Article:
Regions are not being 'plundered'

By Laurel Stowell

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Don't get complacent about our "rockstar" economy, says economist Cameron Bagrie. Photo/Supplied
Don't get complacent about our "rockstar" economy, says economist Cameron Bagrie. Photo/Supplied

Contrary to some beliefs, New Zealand's regions are not being plundered for the benefit of its cities, ANZ economist Cameron Bagrie says.

He spoke to about 60 people in the Wanganui War Memorial Centre last week, about the state of the economy.

He said some regions were thriving, especially Timaru and Ashburton, Central Otago and Queenstown, Taranaki and Tauranga.

In fact, Auckland had a net loss of population from 2006-13, he said, and it also had the worst inequality in the country.

He cautioned not to be complacent about New Zealand's "rockstar" economy. It was only marginally bigger than in 2008 and government debt was still 27 per cent of GDP (gross domestic product).

There was a set of well-known and much-discussed factors in the economy: the high New Zealand dollar, the building boom in Auckland and Christchurch and to repair leaky and earthquake-prone buildings, lowish interest rates, high commodity prices, fewer people leaving and more people staying.

However, he said, there were subtleties that got less attention. For example, he asked why Wanaka/Queenstown was doing better than the North Island's key tourist area, Taupo/Rotorua.

The answer was not down to an overseas economy, he said. It was down to individuals in Trojan Holdings, which owns three skifields, making sure night flights in and out of Queenstown could happen this ski season.

New Zealand's high dollar was hurting the economy, but Mr Bagrie thought it would stay high unless China had a meltdown.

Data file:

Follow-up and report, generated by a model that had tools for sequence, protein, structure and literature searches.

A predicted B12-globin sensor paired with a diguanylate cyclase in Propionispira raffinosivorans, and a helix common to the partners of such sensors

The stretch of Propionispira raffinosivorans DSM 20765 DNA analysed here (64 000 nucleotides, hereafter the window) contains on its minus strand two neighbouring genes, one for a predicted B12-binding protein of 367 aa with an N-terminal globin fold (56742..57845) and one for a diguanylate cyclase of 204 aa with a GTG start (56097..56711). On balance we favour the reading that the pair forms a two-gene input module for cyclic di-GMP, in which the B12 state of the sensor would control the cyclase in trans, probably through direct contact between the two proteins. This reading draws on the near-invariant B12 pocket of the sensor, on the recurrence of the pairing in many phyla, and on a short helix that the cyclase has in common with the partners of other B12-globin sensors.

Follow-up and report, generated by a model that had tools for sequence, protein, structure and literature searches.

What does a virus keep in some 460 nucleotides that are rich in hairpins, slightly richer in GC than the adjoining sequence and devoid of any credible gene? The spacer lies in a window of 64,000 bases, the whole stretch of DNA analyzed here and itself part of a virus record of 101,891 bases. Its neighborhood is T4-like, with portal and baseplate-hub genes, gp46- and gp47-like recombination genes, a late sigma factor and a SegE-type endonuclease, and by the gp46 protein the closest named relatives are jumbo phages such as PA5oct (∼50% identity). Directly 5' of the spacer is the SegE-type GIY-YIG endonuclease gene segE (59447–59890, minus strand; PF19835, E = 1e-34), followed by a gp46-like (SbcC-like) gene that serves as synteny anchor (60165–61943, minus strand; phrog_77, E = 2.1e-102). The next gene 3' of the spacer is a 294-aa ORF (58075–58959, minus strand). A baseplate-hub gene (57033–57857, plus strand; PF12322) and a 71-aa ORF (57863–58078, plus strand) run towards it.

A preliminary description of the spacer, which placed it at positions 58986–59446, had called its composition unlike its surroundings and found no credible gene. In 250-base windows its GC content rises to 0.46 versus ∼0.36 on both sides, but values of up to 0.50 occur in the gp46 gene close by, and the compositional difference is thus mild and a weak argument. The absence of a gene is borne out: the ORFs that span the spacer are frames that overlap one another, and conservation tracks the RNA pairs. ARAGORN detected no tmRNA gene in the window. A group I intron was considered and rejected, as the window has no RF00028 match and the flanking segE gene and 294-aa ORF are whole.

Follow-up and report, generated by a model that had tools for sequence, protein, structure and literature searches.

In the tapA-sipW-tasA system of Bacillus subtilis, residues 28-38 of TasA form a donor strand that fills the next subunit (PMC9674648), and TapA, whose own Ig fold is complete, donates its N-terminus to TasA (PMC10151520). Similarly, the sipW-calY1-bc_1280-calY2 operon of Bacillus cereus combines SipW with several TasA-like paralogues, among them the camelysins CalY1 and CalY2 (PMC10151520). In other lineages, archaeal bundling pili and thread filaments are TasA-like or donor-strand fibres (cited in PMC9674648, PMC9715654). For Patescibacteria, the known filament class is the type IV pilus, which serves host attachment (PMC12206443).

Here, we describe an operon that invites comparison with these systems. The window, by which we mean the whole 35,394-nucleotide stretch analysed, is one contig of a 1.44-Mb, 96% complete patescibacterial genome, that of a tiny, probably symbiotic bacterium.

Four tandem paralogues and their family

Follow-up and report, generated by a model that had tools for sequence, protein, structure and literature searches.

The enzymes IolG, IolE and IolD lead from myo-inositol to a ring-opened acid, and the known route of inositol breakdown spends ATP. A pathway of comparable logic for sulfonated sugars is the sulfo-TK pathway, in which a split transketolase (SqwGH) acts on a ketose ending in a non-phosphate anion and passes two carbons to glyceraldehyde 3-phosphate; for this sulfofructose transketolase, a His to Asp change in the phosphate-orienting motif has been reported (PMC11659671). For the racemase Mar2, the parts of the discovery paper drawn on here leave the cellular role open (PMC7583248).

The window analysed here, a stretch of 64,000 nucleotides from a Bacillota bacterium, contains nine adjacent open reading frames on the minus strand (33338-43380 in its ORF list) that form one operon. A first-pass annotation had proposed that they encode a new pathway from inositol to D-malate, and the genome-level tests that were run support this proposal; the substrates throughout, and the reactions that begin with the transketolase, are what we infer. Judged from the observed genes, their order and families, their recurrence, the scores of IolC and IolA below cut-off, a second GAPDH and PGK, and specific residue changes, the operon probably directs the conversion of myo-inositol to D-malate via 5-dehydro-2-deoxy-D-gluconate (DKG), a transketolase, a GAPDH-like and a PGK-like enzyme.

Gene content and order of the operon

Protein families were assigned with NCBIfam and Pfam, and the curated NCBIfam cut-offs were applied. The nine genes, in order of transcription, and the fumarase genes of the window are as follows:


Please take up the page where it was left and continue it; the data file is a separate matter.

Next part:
Housing shortages in Christchurch and Auckland were also a problem. Auckland needed another 14,000 houses immediately, while most of the rest of the country had a surplus.

"If we don't get Auckland right we're all going to pay for it with the [official cash rate] moving up."

He expected the Government to act swiftly, given housing affordability had become an election issue.

Also, he said, building costs were 30 per cent higher in New Zealand than in Australia.

"How can that be? And I think most people know who controls the construction pipeline in New Zealand."

An increase in exports to China was an opportunity and a threat, because over-reliance on one market made New Zealand as vulnerable to Chinese downturns as it was to those in Australia.

Alongside those minuses there were lots of pluses for the economy.

One was free-trade agreements. If they had downsides they were still an advantage in the long-term, Mr Bagrie said.

Another was increasing productivity, since the "wake-up call" of the Global Financial Crisis in 2008-9.

"There's a great productivity story happening now. No one is talking about it."

Sales to Asian countries, other than China, were also growing - to places like Singapore, Hong Kong, Vietnam, Kazakhstan and Taiwan. All had growing populations.

Also there was a mood for change at home, and a continuing slow shift away from the pre-2008 "borrow-and-spend" economy to an "earn-a-dollar- before-you-spend-a-dollar" way of thinking.

Mr Bagrie tested that, by asking how many in the audience thought it was a good idea to raise the retirement age to 67. Quite a few hands went up, which backed his feeling there was a mood for change.

The Government's May Budget was also proof that Kiwis were getting more interested in saving and less interested in spending.

"You expected nothing, you got nothing and life went on. I don't know any other country around the globe where that could happen."

New Zealand had a very stable Government. Neither major party was proposing a big spending spree, he said, and the National-led Government was more interventionist than some in the past.

The economy was in transition now and would take years to get over the financial crisis and return to normality.

"As the long-term cost of capital moves up, attention will turn more to economic fundamentals. This is a story that's going to take five years to unfold."

A great big factor in New Zealand's favour was its resources. It was the eighth most resource-rich country in the world, for renewable and non renewable resources - luckier than Australia.

Water, a renewable resource, was bringing boom times to Ashburton, in irrigated Canterbury. At the same time, non-renewable oil and gas were bringing prosperity to Taranaki. Permission to mine ironsand from the South Taranaki Bight had been refused, but overall access to resources was moving more smoothly than expected.

- WANGANUI CHRONICLE

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